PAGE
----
An Economist commentary entitled “To He that Hath” reviews a study published in the journal Nature called “Conform and Be Funded” that discusses who does and does not get funded by NIH. It raises an issue of fairness in funding. But does it also raise an ethical issue?
The National Institutes of Health (NIH) is the world’s largest research institution with a current annual budget of $40 billion per year. Between 2002 and 2011 NIH funded approximately 460,000 grants for over $200 billion and in the process contributed to the discovery of new diseases, new treatments and new means of preventing some of the most lethal and devastating diseases known to mankind. Why then raise any questions?
In spite of the success of clinical research, with such large sums of money available, it is important to provide close scrutiny as to who receives the money and what kinds of research are conducted. With so many grants provided to thousands of research investigators it is also difficult to provide the proper oversight to ensure that all research conforms to the highest principles of science and ethics. One danger is that the authority to approve research grants is placed in the hands of a relatively small number of individuals who with time, favor a particular type of research, or overlook scientific and ethical principles in the research that is being proposed.
Broadly speaking, research priorities are determined by NIH study sections consisting of scientists who are selected for their expertise and experience. However the analysis by Ioannidis and Nicholson suggests that high impact researchers (researchers whose research is widely quoted) who are not part of the study sections, receive less NIH funding. They postulate that this may mean that either study sections favor research performed by their existing members or that they recruit members who have research interests similar to themselves. If this were true then there is a clear conflict of interest. While their study results are controversial they deserve consideration.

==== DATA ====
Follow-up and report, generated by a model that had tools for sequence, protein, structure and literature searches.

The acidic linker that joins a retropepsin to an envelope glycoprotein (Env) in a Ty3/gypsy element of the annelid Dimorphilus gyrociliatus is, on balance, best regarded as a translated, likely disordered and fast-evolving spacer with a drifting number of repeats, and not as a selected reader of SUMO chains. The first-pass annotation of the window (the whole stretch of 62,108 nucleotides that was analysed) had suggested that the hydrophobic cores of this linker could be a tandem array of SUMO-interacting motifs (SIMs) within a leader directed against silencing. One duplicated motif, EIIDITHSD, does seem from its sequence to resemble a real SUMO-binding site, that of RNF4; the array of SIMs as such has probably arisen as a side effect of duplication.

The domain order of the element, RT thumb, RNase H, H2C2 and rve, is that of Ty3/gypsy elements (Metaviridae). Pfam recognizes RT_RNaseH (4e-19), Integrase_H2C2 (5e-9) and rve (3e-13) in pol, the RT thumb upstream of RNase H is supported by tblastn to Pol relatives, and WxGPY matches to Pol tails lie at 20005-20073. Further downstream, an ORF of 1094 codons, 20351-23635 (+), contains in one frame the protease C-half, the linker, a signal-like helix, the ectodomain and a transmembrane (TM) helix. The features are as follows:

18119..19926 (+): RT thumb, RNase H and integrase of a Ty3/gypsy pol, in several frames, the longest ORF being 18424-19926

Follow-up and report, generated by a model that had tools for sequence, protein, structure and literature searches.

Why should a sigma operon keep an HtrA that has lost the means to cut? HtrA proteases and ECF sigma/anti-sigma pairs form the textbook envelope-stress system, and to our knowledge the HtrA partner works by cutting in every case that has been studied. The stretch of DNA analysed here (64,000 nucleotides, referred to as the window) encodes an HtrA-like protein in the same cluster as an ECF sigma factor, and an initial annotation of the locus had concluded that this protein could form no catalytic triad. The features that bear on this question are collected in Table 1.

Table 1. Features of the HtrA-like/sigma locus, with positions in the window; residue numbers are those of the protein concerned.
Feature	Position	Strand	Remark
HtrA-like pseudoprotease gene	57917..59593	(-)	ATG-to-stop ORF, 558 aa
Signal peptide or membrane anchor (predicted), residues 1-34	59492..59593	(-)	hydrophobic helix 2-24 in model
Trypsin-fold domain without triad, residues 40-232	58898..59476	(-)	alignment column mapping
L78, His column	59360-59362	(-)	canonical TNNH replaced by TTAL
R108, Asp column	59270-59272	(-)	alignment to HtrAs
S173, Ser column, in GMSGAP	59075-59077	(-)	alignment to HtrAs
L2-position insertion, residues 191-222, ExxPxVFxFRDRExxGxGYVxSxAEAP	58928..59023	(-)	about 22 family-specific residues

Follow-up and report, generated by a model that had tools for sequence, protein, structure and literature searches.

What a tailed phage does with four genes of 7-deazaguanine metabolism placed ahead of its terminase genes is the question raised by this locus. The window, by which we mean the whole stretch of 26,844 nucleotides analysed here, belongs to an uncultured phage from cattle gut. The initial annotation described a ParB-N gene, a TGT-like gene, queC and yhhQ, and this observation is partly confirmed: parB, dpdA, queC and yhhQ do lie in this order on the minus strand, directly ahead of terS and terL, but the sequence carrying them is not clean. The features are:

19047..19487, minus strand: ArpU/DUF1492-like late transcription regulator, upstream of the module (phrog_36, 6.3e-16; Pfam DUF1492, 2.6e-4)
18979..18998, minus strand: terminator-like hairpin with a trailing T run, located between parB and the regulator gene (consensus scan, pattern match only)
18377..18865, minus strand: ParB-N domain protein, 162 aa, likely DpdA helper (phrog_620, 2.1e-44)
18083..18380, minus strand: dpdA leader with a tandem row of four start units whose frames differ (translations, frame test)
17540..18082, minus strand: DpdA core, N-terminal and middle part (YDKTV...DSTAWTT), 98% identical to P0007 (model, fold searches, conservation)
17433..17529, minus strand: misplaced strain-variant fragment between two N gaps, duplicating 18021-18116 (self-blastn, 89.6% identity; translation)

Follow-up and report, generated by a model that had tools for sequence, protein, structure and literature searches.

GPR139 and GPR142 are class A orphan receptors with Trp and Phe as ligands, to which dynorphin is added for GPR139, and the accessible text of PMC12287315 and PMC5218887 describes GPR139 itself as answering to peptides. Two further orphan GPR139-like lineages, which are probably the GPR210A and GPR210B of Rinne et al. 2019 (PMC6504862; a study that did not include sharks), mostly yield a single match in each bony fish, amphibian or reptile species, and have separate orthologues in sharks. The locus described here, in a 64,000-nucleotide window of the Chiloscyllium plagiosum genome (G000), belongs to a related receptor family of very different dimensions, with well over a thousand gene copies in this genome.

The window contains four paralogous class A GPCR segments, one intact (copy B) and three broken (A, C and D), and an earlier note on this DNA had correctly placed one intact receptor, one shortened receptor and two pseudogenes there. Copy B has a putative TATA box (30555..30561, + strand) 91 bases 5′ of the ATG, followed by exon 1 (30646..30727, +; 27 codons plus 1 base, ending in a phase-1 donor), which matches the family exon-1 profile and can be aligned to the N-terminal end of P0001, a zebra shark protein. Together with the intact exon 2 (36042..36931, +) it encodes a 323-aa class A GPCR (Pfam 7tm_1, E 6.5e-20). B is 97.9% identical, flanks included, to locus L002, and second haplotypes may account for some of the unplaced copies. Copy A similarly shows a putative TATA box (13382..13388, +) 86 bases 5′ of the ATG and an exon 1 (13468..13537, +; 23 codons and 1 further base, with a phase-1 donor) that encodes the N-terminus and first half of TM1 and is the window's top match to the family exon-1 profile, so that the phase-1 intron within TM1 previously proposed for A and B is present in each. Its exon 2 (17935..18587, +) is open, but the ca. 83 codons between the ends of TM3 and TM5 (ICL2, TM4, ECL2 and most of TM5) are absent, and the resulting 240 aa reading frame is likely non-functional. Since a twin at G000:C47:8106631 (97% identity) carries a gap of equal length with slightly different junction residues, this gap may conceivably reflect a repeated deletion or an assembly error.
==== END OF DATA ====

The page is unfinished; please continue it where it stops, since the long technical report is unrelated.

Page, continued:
However, there may be other reasons for basis and if true, would be quite disturbing given the extraordinary large amount of funding that is entrusted to NIH each year and one that would raise some ethical concerns. It is possible that high-impact scientists have more stringent scientific and ethical criteria for the conduct of research studies, as well as specific opinions on what research is of highest priority for the benefit of mankind. Their opinions may conflict with study section member’s opinions. Since the views of these scientists are publicly known it would be easy to exclude those who might dissent , allowing less qualified studies to be approved.
We became suspicious that this might be a possibility following the publication of an article evaluating an experimental antibody preparation obtained from HIV-infected individuals to determine whether it could reduce HIV transmission from HIV infected mothers to their infants. The problem was that a similar study had been discontinued in the United States years earlier. Further studies could not be conducted in the US because of scientific and ethical concerns by many scientists. In spite of objections from these highly credible scientists, who were not on the study sections and did not have the opportunity to review the research protocol, the study went forward in Africa enrolling vulnerable HIV-infected women and their infants. Based on this study and others, it is clear that there are problems in the research approval process at the NIH. ( See previous post: “Who will protect vulnerable populations from research exploitation?“)
If certain scientists are excluded from study sections and from review of clinical research protocols how extensive is the problem? With the levels of research funding at risk in an unstable US economy NIH needs to demonstrate that they are capable of using existing funding responsibly by establishing sound criteria for priorities given to research as well as credible review of the quality of the science and ethics involved in conducting the research.
Conform and Be Funded NATURE Volume 492, Dec 6, 2013
Who will protect vulnerable populations from research exploitation? ethicsinhealth.org, December 2011